- When the alarm sounds, press the Snooze/Light butt The alarm will sound again in approximately 5 minutes.
- To deactivate the snooze alarm, slide the SNZ/ALARM ON/OFF switch to the OFF position.
Using the Backlight
You may check the time in the dark by simply pressing the SNOOZE/LIGHT button once. The display will light up with a soft glow that lasts for a while. You can read the time easily and clearly.
Note: Frequent use of this feature will affect battery life.
The temperature is’C displayed on the temperature field, Hi and Lo will be shown if the temperature is out of the measurement range.
Re-set the unit (Trouble- shooting)
Press the “Reset” button when the clock is displaying irrelevant time even when the “Wave OK” or “OK” shows on the LCD. This may happen when the external noise is severe enough to interfere with the time signal.
Care of Your Clock
Avoid exposing your clock to extreme temperatures, water or severe shock.
Avoid contact with any corrosive materials such as perfume, alcohol or cleaning agents.
Do not subject the clock to excessive force, shock, dust, temperature or humidity. Any of these conditions may shorten the life of the clock. Do not tamper with any of the internal components of this clock. This will invalidate the warranty and may cause damage.
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A love letter to timekeeping: How clocks have shaped our world
It goes without saying that a watchmaker would be fascinated by watches. I started my training in the art of traditional artisanal watchmaking 20 years ago – using centuries-old techniques to create little machines that can tell us the time of day. Horology – the art and science of timekeeping – is a world of extremes. There is a radical contrast between the microscopic components on my work bench and their connection to the vastness of the Universe around us.
Time: The Ultimate Guide
To mark the 60th anniversary of Doctor Who , we're exploring the big questions about time, including the science of time travel, how clocks have shaped humanity, and even the mind-bending temporal consequences of flying into a black hole. Read and watch more from Time: The Ultimate Guide .
It's not just the intricate, minute and mind-bendingly complex innards that keep me so infatuated, it's the way this tiny world we've created has done so much more than tell us the time of day. Each major innovation in timekeeping technology has also transformed our experience of time. These are some of the key developments that have moulded our modern temporal world.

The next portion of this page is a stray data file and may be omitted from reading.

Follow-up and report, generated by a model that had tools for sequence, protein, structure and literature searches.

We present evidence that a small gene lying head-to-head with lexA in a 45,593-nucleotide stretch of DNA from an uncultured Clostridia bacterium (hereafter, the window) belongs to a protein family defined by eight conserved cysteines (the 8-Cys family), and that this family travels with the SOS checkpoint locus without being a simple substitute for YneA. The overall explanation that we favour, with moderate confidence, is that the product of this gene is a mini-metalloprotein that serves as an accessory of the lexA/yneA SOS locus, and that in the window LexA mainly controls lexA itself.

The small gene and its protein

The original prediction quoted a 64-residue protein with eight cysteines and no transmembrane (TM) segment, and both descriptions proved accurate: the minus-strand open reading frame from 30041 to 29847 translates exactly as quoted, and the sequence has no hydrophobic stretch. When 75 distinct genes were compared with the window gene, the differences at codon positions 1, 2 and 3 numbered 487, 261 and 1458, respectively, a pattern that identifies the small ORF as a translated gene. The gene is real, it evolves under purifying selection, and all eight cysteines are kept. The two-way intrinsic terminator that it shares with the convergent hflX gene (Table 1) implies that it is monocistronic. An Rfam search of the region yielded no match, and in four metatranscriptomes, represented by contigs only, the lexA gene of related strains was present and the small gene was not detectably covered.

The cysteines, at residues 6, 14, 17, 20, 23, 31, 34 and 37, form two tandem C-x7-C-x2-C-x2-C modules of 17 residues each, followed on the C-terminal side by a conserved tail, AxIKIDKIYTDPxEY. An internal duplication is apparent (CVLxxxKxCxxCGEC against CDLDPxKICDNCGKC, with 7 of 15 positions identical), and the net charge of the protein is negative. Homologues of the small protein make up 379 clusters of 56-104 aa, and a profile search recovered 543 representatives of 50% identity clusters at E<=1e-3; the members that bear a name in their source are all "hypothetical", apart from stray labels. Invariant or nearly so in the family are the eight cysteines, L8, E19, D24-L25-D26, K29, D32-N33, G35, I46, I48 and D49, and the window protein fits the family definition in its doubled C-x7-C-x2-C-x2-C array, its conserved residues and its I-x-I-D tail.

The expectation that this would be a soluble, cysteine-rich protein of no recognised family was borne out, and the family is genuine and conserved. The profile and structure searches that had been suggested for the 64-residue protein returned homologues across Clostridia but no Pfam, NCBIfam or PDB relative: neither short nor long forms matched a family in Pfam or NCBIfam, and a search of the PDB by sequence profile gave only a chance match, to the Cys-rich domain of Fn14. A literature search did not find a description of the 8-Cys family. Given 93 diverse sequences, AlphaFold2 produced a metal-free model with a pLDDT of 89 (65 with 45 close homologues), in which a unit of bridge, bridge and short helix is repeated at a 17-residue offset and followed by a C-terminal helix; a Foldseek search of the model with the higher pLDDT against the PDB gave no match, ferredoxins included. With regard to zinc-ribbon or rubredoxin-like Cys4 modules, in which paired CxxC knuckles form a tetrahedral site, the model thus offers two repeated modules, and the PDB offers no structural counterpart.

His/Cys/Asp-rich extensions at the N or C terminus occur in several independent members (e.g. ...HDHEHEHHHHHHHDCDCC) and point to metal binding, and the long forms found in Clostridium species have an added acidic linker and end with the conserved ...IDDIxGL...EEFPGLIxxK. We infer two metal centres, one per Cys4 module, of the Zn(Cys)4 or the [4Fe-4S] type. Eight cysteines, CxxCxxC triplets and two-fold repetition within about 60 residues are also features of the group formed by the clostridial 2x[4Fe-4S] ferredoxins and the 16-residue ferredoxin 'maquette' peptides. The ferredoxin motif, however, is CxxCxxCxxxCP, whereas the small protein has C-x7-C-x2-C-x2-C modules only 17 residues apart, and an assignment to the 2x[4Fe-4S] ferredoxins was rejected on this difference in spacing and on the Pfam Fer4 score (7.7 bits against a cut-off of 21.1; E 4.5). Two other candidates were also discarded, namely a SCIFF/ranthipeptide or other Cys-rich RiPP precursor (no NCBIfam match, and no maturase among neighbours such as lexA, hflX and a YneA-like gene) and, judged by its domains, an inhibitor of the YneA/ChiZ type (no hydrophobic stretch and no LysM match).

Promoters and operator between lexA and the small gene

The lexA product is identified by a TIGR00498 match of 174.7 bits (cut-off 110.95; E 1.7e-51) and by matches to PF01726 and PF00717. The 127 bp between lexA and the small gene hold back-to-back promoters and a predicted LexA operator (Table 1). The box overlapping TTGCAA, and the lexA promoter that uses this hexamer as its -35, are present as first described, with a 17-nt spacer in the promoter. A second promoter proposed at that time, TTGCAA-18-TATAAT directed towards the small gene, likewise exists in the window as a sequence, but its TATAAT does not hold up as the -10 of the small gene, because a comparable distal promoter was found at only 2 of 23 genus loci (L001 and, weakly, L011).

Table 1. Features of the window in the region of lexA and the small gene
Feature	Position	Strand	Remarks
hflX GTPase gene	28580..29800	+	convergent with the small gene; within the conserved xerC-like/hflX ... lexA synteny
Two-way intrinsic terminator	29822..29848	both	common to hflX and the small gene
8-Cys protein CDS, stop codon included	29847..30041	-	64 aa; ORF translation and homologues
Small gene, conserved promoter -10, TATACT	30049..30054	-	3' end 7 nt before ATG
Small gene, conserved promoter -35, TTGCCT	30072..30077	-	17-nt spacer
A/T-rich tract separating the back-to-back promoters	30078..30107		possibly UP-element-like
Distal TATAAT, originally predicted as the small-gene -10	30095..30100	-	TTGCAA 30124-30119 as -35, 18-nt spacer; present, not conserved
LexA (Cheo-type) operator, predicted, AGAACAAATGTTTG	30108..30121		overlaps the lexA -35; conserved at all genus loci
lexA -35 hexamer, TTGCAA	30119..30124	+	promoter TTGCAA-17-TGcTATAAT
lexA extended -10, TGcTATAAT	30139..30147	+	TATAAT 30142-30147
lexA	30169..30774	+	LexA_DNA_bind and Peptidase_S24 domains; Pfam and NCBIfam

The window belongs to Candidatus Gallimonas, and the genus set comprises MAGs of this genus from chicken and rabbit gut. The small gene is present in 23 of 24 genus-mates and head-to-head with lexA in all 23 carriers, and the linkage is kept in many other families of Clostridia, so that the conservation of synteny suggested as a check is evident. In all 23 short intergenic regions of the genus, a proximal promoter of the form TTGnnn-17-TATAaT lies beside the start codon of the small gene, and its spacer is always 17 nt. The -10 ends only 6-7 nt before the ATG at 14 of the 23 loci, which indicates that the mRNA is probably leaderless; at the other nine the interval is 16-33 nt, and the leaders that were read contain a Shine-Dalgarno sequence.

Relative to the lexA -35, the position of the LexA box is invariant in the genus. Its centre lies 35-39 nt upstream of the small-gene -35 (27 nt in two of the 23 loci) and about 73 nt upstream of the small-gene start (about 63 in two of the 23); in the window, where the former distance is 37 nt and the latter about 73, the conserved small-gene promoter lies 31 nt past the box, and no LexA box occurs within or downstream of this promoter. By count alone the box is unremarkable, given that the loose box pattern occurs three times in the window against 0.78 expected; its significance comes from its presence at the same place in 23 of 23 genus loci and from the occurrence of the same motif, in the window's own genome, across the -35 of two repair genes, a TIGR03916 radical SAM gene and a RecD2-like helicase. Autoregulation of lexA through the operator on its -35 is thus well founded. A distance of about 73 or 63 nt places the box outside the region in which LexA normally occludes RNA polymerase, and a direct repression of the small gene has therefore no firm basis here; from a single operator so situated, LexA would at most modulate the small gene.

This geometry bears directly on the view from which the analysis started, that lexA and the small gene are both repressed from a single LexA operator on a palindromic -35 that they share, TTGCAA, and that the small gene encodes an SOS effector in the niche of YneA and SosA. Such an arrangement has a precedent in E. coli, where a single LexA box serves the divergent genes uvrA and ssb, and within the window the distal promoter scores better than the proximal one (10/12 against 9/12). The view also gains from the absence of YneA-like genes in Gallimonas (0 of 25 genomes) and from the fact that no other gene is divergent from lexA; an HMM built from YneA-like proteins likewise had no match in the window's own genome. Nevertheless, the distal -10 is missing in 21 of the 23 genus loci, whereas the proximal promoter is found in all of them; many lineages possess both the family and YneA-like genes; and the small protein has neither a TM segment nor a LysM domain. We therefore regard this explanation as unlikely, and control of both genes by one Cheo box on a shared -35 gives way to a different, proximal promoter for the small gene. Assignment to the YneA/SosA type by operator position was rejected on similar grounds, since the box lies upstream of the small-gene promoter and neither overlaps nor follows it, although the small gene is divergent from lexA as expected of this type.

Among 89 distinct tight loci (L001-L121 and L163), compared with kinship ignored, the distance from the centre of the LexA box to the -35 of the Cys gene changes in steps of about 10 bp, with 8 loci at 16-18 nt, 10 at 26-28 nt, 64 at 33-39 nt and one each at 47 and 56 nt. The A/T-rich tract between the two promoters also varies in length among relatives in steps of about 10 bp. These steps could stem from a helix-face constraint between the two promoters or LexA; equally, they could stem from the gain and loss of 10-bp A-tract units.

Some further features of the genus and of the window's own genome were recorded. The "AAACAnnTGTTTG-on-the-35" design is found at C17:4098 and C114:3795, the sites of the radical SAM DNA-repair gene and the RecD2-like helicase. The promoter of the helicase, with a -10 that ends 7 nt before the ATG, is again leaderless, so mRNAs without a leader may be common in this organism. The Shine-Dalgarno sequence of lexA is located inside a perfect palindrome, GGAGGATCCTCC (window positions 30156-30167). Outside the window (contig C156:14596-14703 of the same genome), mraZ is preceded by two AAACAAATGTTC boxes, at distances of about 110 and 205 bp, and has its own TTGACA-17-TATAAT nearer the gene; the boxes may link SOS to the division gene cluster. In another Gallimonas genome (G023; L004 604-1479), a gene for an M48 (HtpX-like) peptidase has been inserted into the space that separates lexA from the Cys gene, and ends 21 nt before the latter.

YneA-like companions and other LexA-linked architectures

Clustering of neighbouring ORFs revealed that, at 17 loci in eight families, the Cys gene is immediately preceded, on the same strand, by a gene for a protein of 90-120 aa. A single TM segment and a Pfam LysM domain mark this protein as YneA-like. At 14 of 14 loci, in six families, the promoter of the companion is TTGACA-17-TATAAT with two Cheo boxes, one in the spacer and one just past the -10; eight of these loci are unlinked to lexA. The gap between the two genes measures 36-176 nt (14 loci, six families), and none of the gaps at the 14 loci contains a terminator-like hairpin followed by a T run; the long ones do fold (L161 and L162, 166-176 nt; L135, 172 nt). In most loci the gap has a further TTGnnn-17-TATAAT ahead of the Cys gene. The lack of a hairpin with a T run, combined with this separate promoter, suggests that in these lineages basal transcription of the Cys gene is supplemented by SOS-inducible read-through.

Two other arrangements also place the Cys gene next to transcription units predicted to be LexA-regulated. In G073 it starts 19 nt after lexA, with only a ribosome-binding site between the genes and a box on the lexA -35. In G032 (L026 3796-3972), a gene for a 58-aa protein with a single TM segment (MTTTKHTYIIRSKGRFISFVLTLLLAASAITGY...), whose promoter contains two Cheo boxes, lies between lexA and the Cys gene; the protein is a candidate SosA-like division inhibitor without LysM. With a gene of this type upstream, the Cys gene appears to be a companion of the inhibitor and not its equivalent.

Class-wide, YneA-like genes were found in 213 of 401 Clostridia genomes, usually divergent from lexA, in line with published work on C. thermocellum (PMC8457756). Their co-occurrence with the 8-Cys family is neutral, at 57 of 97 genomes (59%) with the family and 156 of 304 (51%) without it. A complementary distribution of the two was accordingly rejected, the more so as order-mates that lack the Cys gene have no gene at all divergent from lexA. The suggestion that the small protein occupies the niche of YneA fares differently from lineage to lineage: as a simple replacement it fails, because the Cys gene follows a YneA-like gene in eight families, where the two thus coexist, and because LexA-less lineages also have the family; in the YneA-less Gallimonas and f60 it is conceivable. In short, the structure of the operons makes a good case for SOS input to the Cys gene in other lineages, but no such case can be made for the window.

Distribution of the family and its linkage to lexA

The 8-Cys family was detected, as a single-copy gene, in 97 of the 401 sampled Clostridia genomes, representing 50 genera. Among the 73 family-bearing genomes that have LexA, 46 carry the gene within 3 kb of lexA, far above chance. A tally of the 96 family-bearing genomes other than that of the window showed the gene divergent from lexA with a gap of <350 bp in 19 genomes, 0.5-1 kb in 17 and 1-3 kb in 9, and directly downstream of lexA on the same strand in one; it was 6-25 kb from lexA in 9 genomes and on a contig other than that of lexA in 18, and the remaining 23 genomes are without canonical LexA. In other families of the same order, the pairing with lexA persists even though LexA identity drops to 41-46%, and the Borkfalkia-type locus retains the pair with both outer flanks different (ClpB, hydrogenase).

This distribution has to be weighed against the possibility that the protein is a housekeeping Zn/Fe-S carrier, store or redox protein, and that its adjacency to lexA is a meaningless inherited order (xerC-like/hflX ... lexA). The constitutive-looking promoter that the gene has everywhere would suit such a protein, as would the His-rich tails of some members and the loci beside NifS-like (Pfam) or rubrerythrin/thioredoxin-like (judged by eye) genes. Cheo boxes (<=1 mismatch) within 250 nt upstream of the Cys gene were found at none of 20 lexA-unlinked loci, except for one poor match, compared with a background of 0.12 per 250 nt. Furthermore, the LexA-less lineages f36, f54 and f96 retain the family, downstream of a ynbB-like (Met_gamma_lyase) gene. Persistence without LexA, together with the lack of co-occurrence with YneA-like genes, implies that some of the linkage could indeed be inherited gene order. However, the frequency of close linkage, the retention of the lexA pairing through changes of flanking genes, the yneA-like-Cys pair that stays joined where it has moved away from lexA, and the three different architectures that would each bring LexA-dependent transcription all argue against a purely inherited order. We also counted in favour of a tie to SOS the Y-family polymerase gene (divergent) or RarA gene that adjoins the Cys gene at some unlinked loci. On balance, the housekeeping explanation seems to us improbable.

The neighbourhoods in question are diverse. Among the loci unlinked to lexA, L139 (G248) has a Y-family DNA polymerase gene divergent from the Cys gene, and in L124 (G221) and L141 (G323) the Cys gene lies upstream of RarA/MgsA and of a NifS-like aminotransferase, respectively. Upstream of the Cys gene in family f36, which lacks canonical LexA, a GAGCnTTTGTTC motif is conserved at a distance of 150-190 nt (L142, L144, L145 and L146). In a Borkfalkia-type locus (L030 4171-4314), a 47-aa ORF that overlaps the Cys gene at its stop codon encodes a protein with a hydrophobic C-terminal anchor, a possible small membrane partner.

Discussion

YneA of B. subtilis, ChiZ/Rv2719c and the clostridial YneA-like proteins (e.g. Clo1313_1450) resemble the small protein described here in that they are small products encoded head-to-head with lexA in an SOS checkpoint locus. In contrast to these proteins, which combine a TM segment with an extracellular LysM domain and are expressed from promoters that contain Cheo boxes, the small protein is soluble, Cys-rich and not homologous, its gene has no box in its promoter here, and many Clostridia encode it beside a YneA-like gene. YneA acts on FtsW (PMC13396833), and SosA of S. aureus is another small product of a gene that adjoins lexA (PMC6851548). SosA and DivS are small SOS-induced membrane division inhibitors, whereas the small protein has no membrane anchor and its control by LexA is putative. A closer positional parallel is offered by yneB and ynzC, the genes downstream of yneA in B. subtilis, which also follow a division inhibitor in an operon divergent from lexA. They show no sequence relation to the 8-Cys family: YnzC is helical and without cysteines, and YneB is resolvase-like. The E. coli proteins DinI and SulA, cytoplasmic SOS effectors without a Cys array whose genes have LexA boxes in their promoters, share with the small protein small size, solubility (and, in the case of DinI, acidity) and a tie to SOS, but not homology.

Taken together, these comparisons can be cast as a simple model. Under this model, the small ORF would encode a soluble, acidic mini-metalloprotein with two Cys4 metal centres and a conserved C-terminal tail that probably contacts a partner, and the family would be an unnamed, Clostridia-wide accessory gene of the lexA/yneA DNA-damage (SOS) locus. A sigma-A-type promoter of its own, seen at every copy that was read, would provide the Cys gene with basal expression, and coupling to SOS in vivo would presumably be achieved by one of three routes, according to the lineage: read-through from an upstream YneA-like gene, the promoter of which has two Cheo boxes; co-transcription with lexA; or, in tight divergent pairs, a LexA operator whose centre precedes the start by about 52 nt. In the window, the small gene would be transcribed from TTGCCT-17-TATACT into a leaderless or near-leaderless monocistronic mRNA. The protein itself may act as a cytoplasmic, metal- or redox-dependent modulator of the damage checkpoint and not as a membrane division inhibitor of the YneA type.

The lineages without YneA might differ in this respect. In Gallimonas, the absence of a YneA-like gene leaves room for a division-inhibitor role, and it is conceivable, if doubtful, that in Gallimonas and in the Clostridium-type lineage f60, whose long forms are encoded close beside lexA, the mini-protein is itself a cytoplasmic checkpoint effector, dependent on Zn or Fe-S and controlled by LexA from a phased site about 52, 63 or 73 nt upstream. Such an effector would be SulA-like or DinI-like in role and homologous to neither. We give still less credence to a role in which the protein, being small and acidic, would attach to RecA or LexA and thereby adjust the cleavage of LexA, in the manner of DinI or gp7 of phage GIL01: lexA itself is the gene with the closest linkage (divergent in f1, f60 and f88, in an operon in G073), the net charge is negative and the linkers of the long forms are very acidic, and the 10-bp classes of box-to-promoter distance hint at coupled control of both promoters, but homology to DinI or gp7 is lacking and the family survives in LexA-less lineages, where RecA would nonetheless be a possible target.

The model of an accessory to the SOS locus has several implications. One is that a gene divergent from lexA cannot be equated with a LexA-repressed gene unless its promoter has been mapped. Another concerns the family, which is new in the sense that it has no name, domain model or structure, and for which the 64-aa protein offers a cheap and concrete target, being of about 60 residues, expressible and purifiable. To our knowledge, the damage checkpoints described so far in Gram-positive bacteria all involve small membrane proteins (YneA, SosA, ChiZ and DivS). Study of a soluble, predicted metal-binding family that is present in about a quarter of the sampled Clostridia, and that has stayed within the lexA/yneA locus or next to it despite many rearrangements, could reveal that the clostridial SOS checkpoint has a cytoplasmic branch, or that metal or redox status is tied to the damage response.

In an age when our personal electronic devices stalk us through our daily lives, it's hard to imagine a time when we lived around the cycles of the natural world. Before the advent of a means to measure time, it was, effectively, unkept. Lunar calendars arrived first, with the earliest contenders dating back at least 10,000 years .
To divide our days into smaller parcels of time – ones we could use to organise our working day, trade and travel – we needed a device. Among the earliest of these are sundials. The oldest we would recognise by modern standards dates to around 1300BC and was found during the excavation of a worker's hut in the ancient Egyptian burial site, the Valley of the Kings.
The oldest clepsydra, or water clocks with their name originating from the Greek for "water thief", are similarly ancient. Alabaster and black basalt vessels with holes drilled to allow the slow and controlled flow of water over a pre-determined duration were used by the ancient Egyptians for this purpose, while others made from clay dating to the Bronze Age have been found on the coast of the Black Sea in what is now modern-day Ukraine. Variations on this basic system developed all over the world , from ancient Babylon and Persia to India, China and Native North America and ancient Rome.
Keepers of time, powered by mechanical means, are the infants of this journey.
The first 'tick, tock'
To arrive at what is, to me, the most significant early advance in timekeeping we must head forward to the year AD1088 to what is now Henan province in China. Celebrated inventor Su Song had been commissioned by the emperor to create a water clock like no other , intended to showcase the intellectual prowess of the Northern Song dynasty. The brief involved complex celestial displays: at the time, dynastic houses were ruled according to a heavenly mandate , or tianming , which required an ability to track and predict astronomical events for interpretation, as a guide to inform bureaucratic decisions.